Neal Stephenson and Kashmir

They really do have something in common.  Really?  Really.  Allow me to explain.

Many years ago, I spent six weeks in Kashmir . (https://bruceczopek.wordpress.com/2010/02/09/photos-of-kashmir-1975/)

Currently I am in the midst of “REAMDE” a fiction novel by Neal Stephenson.

While immersed in both these places a similar event has occurred:  Culture shock.  This is one of those things you just have to experience to truly relate to the words.   Letters on a page or a verbal enunciation of consonants and vowels just does not begin to communicate the visceral experience of it –  that split second un-grounding, where the  foundation of your normal orientation shatters  because suddenly where you just were is not the place you are right now.  The mind disjoints, seeing and hearing things that make no sense,  frying neurons and synapses in the process.

In Kashmir that happened twice. Once of course after stepping off the plane from the U.S.   That’s understandable,  first time out of one’s familiar country and  into a vastly different environment.  Somewhat anticipating it though, softened that particular collision.

The other time, it was much more potent.  I had settled into a routine there and after a month or so decided to go the Wednesday night “American Movies” in Srinigar.  I caught the bus into town, made it to the theatre just as the sun was going down and eagerly settled in for a first run viewing of  “The French Connection”.   Completely captivating.  Fast paced, exciting, New York, drama, gritty, even a pair of nice breasts thrown in.  Two hours worth of utter distraction.

Movie’s over.  The lights go up.  I shuffle out with the crowd, my psyche still meshed with the streets of New York, half expecting to see Popeye Doyle on the curb waiting to go have a drink  with me- and suddenly, as if jumping into a frigid lake from a sauna, I went  from daytime Brooklyn to a nighttime cacophonous beehive of humanity, taxis, busses, merchants, sandals, saris, and Srinigar.  Whoa.  Major sensory overload.  Maha confusion.

A completely arresting moment.  I stopped short in my tracks, frozen.  And for the split second that seemed like an hour,  I had absolutely no clue where I was.  Once the perceptual dust had settled and compass bearings re-cognized,  all the pieces still weren’t 100% collected, so there was no way I could handle a crowded bus ride home.  Feeling surprisingly vulnerable, I decided to spend what at that time was a big chunk of my daily budget on a taxi.

This last Saturday morning a similar space-time dislocation occurred.  On a three day weekend that consisted of camping, driving, visiting friends , and meditation retreating, I was en route from the highlands of the Sierra Nevadas  via the foothills to insert my Subaru into the grey vein of  Interstate 5 as runs up the middle of California and beyond.

Stopping for breakfast I grabbed Stephenson’s “REAMDE” to enjoy during the time the meal was being prepared.   Better than reading the menu ten times, pretending to be interested.  Read the book all through the meal, too- something I rarely do.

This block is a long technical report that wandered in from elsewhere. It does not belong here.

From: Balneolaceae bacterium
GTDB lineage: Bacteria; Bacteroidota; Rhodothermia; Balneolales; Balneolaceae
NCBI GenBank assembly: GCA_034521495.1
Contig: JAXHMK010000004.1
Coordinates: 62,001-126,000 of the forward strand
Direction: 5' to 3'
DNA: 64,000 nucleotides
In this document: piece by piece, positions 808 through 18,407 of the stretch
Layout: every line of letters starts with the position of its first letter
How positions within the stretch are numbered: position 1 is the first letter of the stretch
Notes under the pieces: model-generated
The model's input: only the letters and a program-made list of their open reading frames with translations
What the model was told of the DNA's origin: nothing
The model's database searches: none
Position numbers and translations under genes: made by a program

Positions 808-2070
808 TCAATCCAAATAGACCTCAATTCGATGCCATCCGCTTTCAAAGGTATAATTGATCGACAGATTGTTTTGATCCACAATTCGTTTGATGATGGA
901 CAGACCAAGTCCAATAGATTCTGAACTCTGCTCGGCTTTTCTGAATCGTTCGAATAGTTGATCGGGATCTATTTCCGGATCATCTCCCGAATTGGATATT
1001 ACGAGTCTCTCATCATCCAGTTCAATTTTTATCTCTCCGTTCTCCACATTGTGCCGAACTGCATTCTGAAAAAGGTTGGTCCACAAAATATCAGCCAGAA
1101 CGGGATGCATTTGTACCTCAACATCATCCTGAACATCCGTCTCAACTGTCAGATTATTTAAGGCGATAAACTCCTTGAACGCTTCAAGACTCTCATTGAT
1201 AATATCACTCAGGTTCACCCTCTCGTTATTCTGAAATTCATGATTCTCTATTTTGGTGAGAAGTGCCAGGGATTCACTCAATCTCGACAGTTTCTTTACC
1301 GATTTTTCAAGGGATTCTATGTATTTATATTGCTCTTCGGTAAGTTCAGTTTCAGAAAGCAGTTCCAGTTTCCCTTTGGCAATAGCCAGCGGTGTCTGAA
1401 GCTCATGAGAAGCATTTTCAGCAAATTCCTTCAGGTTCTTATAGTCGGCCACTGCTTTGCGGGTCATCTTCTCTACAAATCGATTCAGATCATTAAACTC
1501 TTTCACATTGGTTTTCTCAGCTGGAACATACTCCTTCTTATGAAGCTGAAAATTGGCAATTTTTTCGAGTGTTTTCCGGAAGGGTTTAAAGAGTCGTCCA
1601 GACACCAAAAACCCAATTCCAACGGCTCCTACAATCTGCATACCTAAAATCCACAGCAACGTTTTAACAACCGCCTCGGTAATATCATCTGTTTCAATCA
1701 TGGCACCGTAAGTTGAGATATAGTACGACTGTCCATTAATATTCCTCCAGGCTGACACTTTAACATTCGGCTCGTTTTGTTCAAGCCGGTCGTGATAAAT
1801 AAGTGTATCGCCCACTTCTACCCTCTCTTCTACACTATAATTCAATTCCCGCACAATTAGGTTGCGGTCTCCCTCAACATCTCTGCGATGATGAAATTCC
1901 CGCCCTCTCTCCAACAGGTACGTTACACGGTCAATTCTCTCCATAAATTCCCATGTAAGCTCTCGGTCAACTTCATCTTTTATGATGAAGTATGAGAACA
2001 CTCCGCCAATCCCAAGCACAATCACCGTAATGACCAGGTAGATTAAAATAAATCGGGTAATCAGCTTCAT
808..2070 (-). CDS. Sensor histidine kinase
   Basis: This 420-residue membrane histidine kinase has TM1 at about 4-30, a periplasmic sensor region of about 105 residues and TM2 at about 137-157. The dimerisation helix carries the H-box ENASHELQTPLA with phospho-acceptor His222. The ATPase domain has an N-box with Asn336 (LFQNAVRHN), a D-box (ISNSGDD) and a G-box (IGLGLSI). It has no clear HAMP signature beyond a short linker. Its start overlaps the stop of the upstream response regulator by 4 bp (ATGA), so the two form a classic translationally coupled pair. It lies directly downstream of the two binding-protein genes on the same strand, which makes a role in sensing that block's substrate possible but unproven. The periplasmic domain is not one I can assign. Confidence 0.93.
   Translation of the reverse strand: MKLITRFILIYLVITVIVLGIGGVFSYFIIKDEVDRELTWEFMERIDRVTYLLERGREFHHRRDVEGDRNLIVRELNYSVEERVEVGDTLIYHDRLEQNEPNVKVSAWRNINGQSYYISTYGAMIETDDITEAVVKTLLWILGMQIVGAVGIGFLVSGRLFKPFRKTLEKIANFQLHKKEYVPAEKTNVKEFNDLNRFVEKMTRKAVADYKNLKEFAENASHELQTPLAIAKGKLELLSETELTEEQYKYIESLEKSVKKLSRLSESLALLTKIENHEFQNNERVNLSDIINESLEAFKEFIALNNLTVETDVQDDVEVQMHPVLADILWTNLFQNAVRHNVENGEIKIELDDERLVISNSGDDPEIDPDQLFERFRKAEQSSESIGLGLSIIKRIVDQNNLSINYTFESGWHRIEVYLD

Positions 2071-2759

If you haven’t had the pleasure of reading Neal Stephenson, I highly recommend him.  He is a true wordsmith.  Like a master weaver using a computer keyboard instead of a loom, he creates intricately detailed descriptions and scenarios.  His characters are vivid, his humor sharp and irreverent, the plots elaborate and believable although often delightfully improbable.  If you want to plain just laugh at loud with a book read “Cryptonomicon”,  an earlier work of his.  It’s big but who cares.  That one is all about the journey, not the goal.

He manages to do all this without being boring.  It is just the opposite- when you open his  books you enter into the world of Mr. Neal and his friends.  Deeply.

And so for all the world it seemed I was sitting in a restaurant booth in a small town in the Sierra Nevada foothills, where in reality,  I was thousands of miles away with vastly different people, embroiled with Chinese hackers, ex dope smugglers who are now rich video game moguls, MI-6 agents, Russian mafia bozos, Seattle computer geeks, international terrorists and on and on.  Remarkably, he makes this literary smorgasborg work.  Don’t ask me how.  He just does.

I shuffle to the cash register to pay the bill.  The young lady takes my money, exchanges well rehearsed pleasantries and wishes me a wonderful holiday weekend.  Exiting the overly air-conditioned eatery, it was like slamming into an incendiary wall of hot air.  The temp was in the high 80’s at just eleven in the morning and climbing.

Directly on the heels of this super heated air, came the next explosive wave- culture shock.  Where I was now was not where I was a nano second ago, and I had no idea where I now was or even which car was mine.   Funny how the body-mind  works.  Fairly quickly though, as all the pieces came back together, I recognized the parking lot and  remembered my current excursion, etc.  But the very next thing that came to mind was how much all of what just occurred  felt way like the Kashmir experience so many years ago.  The episode in Srinigar was  big time disorientation, the one just described a milder version.  But like sex or chocolate or winning the lotto, you just would have had to experience it to experience it.  Most likely Neal Stephenson could describe it enough for you to fully taste it and go there.  I guess that’s why he makes the big bucks.

He kinda looks like a wizard- Neal Stephenson

I was here but not really, then I guess I really was

Market in Srinigar. I think I was there while taking the photo.

Thanks for taking some LIP from me,

Bruce

P.S.  Clotilda, if you are reading this you absolutely must go buy a copy of “Cryptonomicon”. You will thank me.

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